When it comes to safely riding a bike around cars, the more lights, the better. Ideally, these lights would come on by themselves, so you don’t have to remember to turn them on and off every time. That’s exactly the idea behind [Jeremy Cook]’s latest build — it’s an automatic bike light that detects vibration and lights up some LEDs in response.
The build is pretty simple — a coin cell-powered ATtiny85 reads input from a spring vibration sensor and flashes the LEDs. This is meant to complement [Jeremy]’s primary bike light, which is manually operated and always on. We especially like that form follows function here — the board shape is designed to be zip-tied to the spokes so it’s as close to the action as possible. He cleverly used cardboard and a laser cutter to mock up a prototype for a board that fits between the spokes. Pretty cool for your second professionally-fabbed PCB ever, if you ask us. Ride past the break to check out the build video.
If you don’t think fireflies on your spokes are enough to keep you safe, go full rainbow party bike.
Continue reading “Bike Wheel Light Flashes Just Right”
Here’s your useful and beautiful circuit for the day — [New Pew]’s vibration sensor takes manual control of the flip-flop inside a 555 timer and lights an LED in response. Use it to detect those vibrations you expect, like laundry machines, or those you only suspect, like the kind that might be coming from your engine. This gadget isn’t super-precise, but it will probably get the job done.
The vibration-detecting bit is a tiny ball bearing soldered to the spring from an old pen, which is tied between the trigger and ground pins of the 555. When the chip is powered with a 9 V battery, nearby vibrations will induce wiggle in the spring, causing the ball bearing to contact the brass rod and completing the circuit. When this happens, the internal flip flop’s output goes high, which turns on the LED. Then the flip flop must be reset with a momentary button. Check out the build video after the break.
Want to pick up Earthly vibrations? You can detect earthquakes with a homemade variable capacitor, a 555, and a Raspberry Pi.
Continue reading “Circuit Sculpture Vibration Sensor”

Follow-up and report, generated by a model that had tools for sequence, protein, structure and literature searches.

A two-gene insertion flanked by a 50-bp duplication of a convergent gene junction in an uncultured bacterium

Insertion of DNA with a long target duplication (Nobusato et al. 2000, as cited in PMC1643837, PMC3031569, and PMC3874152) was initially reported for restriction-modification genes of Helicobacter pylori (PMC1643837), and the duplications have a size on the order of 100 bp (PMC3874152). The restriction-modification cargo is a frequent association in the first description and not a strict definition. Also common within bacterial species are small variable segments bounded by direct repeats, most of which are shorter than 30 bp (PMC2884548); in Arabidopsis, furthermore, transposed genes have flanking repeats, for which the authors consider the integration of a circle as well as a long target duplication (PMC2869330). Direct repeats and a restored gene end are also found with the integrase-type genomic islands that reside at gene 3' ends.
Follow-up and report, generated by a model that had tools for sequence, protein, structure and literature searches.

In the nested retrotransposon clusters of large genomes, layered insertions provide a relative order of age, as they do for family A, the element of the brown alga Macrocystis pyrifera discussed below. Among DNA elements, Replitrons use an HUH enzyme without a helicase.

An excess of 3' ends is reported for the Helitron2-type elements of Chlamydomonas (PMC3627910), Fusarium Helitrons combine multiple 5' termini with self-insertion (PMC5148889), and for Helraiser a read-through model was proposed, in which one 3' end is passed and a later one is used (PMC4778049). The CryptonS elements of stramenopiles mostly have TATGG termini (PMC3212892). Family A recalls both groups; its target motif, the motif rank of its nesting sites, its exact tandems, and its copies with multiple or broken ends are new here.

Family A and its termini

How do you instantly make any game better? By lighting it up and playing at night. We would normally say ‘drinking’, but we’re pretty sure that drinking is already a prerequisite for cornhole — that’s the game where you toss bean bags at holes in angled boards.
[Hardware Unknown] loves cornhole, and was gifted a set of portable, folding boards that light up around the ring for nighttime action. These turned out to be the perfect basis for reactive boards that light up and play sound whenever points are scored. Both boards have a vibration sensor to detect bags hitting the top, and an IR break-beam sensor pair across the hole. An Arduino Nano reads from the sensors and controls an amplifier and a DF Player for sound.
Players get a point and a song for landing a bag on top of the board, and three points and a different song for making it in the hole. We love the Easter egg — anyone who manages to trip both the vibration sensor and the break-beam detector at the same time will be treated to the sound of a flock of honking geese. Check out the build journey after the break.
No good at cornhole? This one doesn’t let you miss.
Continue reading “Cornhole Boards Play Victory Songs”
Is your heaving pile of electronic parts shrinking by the day as you finish old back-burnered projects and come up with new ones? Try an old pastime that never gets old: rolling your own sensors using household objects. [Nematic!] needs a way to sense vibration for an upcoming project. Instead of spending $1 plus shipping and waiting who knows how long for a spring vibration sensor to come in the mail, they made one in a matter of minutes.
A spring vibration sensor is a simple device that can be used as a poor man’s accelerometer, or simply to detect vibration. All you need is a length of conductive wire, a 10 kΩ resistor, and a way to pick up those good vibrations. For the purposes of demonstration, [Nematic!] is using an Arduino Nano in the short build video after the break.
The wire is wound around the threads of a bolt to form a coil that’s just large enough for a resistor to fit inside. One end of the coil is connected to 5 V, and one leg of the resistor connects to an input pin. Together, they form a normally-open switch. When vibrations force the free ends of both to touch, the circuit is complete and the pin is pulled high.
If you make one of these and find the sensitivity is off, just twist up a new coil with stiffer or softer wire depending on the problem. Iterating doesn’t get much cheaper than wrapping wire around a bolt. We can’t wait to see how [Nematic!] will use this sensor. In the meantime, we’re planning to use one to detect when the dryer stops running and send a text.
Speaking of bargain basement sensors, did you know you can detect water leaks with two pennies, an aspirin, and a clothespin? These projects demonstrate the kind of ingenuity that can win you a pile of toys in our new Making Tech At Home contest, running now through July 28th, 2020.
Continue reading “Celebrate Spring With A DIY Vibration Sensor”